There is a lot of talk these days about the impact on fintech M&A in an era of rising interest rates and volatility.
The soaring prices of energy, food, labour, transportation, and agricultural products. The declining values of bigtech, unicorns, SPACs and stock markets; the layoffs in bigtech and the largest war in Europe since World War II.
However, according the The FinTech Herd report, there is just one problem – frankly they do not yet see the gloom reflected much in the performance, interest, or value of strong firms in our slice of the mid market tech and fintech world.
The report notes that that tech is not immune to market forces. But it does say that these impacts must be seen in context.
The first context is the amazing new tools that these firms are bringing to bear to solve real world problems. It is science fiction amazing.
Computing power has increased 1 trillion times since the 1960s and with quantum computing it is set to increase just as much again (two Nintendo consoles now have more power than the 1969 Apollo guidance computer that got Neil Armstrong to the moon”.
We are in the early innings for open AI, machine learning and robotic process automation, augmented and virtual reality, big data analytics, sensor technology, distributed blockchain ledgers, cloud storage, Web3 and more.
This leads to innovative products and services such as biometrics, cyber security, smart contracts, embedded autonomous and decentralised ledgers, exchanges and more – including of course ChatGP.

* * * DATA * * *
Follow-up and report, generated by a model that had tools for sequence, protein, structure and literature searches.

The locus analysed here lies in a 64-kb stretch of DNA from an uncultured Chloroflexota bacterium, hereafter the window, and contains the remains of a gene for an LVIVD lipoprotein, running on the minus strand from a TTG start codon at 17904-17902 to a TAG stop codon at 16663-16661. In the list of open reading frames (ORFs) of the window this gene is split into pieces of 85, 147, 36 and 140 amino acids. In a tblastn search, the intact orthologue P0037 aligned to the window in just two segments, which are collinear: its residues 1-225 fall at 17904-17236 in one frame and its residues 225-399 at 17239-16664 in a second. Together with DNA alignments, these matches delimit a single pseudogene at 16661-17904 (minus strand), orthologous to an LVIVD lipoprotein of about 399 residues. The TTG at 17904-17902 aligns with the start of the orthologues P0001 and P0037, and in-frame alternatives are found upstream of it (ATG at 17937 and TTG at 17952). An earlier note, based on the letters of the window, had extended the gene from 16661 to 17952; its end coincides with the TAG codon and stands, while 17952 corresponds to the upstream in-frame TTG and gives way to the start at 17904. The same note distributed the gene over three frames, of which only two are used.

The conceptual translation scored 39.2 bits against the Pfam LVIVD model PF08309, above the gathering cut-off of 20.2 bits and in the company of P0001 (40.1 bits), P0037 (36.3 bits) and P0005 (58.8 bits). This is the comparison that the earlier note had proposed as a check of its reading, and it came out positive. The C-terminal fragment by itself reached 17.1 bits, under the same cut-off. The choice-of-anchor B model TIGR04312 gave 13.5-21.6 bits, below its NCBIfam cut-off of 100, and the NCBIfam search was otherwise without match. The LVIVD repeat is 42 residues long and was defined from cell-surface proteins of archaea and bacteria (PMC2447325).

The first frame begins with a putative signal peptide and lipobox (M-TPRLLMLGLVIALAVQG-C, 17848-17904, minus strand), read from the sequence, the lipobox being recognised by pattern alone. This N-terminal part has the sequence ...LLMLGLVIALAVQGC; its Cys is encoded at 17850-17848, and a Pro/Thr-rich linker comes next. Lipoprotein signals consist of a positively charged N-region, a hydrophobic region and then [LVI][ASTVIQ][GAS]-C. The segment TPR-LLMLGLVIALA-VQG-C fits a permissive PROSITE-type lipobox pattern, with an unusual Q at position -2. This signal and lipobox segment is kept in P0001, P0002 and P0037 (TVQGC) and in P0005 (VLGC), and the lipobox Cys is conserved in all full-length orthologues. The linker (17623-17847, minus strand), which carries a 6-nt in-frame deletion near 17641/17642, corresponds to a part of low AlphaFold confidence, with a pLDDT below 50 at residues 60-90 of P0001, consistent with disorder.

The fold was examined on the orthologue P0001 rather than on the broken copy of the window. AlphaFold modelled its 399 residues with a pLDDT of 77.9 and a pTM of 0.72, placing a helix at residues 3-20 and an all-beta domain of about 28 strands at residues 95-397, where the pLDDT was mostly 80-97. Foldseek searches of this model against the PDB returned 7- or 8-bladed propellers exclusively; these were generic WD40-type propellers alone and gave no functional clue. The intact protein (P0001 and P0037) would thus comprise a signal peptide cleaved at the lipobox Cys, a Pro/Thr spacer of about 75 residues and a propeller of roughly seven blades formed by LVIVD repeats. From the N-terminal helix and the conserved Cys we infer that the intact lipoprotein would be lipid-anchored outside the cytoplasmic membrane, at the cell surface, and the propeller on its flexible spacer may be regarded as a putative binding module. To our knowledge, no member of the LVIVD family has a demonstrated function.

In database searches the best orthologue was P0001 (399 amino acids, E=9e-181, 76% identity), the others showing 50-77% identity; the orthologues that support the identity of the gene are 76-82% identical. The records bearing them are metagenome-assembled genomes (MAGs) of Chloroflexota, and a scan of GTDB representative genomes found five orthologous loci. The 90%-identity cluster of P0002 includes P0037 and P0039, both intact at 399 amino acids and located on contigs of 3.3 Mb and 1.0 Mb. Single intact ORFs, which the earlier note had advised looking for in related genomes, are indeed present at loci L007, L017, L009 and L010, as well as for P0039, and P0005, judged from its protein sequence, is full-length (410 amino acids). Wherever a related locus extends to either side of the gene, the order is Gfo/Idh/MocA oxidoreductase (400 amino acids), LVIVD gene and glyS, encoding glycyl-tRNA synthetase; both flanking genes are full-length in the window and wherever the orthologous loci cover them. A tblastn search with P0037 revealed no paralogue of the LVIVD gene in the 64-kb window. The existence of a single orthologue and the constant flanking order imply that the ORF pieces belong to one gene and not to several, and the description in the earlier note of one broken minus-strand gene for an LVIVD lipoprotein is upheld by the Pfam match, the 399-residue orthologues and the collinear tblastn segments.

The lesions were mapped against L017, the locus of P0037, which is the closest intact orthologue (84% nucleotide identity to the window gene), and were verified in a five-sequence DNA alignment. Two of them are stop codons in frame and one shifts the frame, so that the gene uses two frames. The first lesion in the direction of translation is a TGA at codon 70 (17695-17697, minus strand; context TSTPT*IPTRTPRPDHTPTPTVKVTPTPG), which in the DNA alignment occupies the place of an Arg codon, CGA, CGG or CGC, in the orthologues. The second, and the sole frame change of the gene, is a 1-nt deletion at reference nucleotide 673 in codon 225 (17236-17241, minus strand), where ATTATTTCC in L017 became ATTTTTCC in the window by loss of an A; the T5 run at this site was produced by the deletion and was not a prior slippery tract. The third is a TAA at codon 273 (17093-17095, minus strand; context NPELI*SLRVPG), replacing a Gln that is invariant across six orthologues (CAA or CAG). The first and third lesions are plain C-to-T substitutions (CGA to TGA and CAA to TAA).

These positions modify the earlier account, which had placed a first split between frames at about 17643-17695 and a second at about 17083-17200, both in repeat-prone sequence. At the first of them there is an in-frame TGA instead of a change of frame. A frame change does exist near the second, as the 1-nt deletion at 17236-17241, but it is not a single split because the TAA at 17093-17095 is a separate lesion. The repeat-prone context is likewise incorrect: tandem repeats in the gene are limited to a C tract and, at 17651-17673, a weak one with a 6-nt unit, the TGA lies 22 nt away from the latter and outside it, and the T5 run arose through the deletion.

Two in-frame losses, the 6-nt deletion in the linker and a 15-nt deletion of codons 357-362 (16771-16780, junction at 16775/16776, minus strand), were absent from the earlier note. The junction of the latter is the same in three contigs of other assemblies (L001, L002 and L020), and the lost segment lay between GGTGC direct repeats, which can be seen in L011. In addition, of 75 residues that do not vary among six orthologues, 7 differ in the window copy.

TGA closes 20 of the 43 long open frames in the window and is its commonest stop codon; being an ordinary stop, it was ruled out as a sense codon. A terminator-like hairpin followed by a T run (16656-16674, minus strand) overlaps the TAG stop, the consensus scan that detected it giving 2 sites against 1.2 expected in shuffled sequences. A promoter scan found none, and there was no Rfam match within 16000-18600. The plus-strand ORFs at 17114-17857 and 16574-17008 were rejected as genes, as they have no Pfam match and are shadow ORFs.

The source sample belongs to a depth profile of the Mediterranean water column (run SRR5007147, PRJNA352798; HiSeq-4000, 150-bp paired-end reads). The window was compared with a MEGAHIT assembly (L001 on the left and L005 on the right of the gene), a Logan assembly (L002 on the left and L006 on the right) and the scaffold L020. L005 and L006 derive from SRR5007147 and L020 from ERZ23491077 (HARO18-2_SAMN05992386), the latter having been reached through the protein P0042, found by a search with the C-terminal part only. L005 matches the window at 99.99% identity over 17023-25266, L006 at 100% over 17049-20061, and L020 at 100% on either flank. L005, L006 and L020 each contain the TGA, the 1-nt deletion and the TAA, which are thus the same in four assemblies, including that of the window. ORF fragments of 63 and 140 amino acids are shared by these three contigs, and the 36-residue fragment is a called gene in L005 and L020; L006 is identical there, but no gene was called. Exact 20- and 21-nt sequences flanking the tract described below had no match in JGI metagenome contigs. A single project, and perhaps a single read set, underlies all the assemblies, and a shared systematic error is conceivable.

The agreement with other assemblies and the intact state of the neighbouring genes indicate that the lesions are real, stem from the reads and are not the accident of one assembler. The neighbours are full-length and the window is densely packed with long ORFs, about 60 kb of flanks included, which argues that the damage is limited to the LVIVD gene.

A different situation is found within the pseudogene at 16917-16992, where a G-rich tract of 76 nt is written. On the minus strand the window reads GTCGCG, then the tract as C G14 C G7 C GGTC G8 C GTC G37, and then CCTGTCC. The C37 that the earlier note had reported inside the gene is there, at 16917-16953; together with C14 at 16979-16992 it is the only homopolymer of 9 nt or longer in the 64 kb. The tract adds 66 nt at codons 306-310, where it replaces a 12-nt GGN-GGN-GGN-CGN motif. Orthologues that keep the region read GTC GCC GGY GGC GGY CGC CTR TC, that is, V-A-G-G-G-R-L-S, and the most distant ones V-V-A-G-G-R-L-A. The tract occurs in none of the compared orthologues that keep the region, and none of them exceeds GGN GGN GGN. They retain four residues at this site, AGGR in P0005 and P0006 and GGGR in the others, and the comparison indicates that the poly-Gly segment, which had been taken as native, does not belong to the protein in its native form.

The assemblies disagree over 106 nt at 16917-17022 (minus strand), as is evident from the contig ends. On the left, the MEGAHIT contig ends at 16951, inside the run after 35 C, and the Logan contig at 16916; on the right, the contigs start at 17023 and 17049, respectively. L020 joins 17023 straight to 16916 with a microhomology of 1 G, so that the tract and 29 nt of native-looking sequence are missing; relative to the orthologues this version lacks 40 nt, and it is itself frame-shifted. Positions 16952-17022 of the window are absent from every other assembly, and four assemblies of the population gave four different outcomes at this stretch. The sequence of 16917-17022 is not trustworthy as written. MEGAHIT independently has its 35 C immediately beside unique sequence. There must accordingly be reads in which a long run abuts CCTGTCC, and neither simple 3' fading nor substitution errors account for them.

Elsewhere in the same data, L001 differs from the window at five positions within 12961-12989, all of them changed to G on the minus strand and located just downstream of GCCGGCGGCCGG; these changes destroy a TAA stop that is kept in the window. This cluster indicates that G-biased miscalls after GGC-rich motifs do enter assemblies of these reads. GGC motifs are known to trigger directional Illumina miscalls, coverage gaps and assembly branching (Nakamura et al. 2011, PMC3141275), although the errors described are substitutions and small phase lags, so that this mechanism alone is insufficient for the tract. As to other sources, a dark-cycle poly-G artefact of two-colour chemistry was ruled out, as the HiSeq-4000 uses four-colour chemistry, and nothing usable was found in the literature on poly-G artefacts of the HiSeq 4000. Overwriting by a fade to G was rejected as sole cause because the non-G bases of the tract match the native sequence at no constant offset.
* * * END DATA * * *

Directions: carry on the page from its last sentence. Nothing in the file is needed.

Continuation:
The second context is arithmetic.
The decrease in market value experienced by a lot of publicly listed tech firms doesn’t seem so bad in the context of the strong value increases that those same firms saw over the past few years.
The value drop for many unicorns and SPACS often were from sky high values that were due for a reset.
The tech layoffs, as painful as they are to many, should be evaluated in context. Amazon added 800,000 jobs since 2020-2021 – doubling their workforce. Now they are laying off 27,000.
Google added 52,000 jobs in the same two year period, now they’re shedding 12,000. Microsoft added 68,000 jobs over two years now they are laying off 10,599 of them.
It’s a lot, but most tech companies added far fewer we’re seeing that few mid market firms need to retrench.
The FinTech Market
Broad activity for financial technology opportunities slowed in 2022 and hit pause in Q1 2023 even though investors entrenched in the space consistently highlighted the continuous and increasing innovation within the fintech sector.
Private capital investment and full year deal volume was at an all time high in 2021, while continued enthusiasm for fintech opportunities was evidenced by the relatively comparable deal count in 2022.
2023 year to date is seeing green shoots- but not many.
Early stage fintechs tended to see more investor demand than those at a later stage in their revolution. This was a result of the investor universe needing to deploy long term capital in order to support key disruptors and innovators within the sector- regardless of the current market conditions.
The medium deal size across the fintech ecosystem since 2018 is at its highest in 2023 at $3.7 million which highlights continued support of earlier stage higher risk companies despite macro pullback from risk.
To read the full report CLICK HERE
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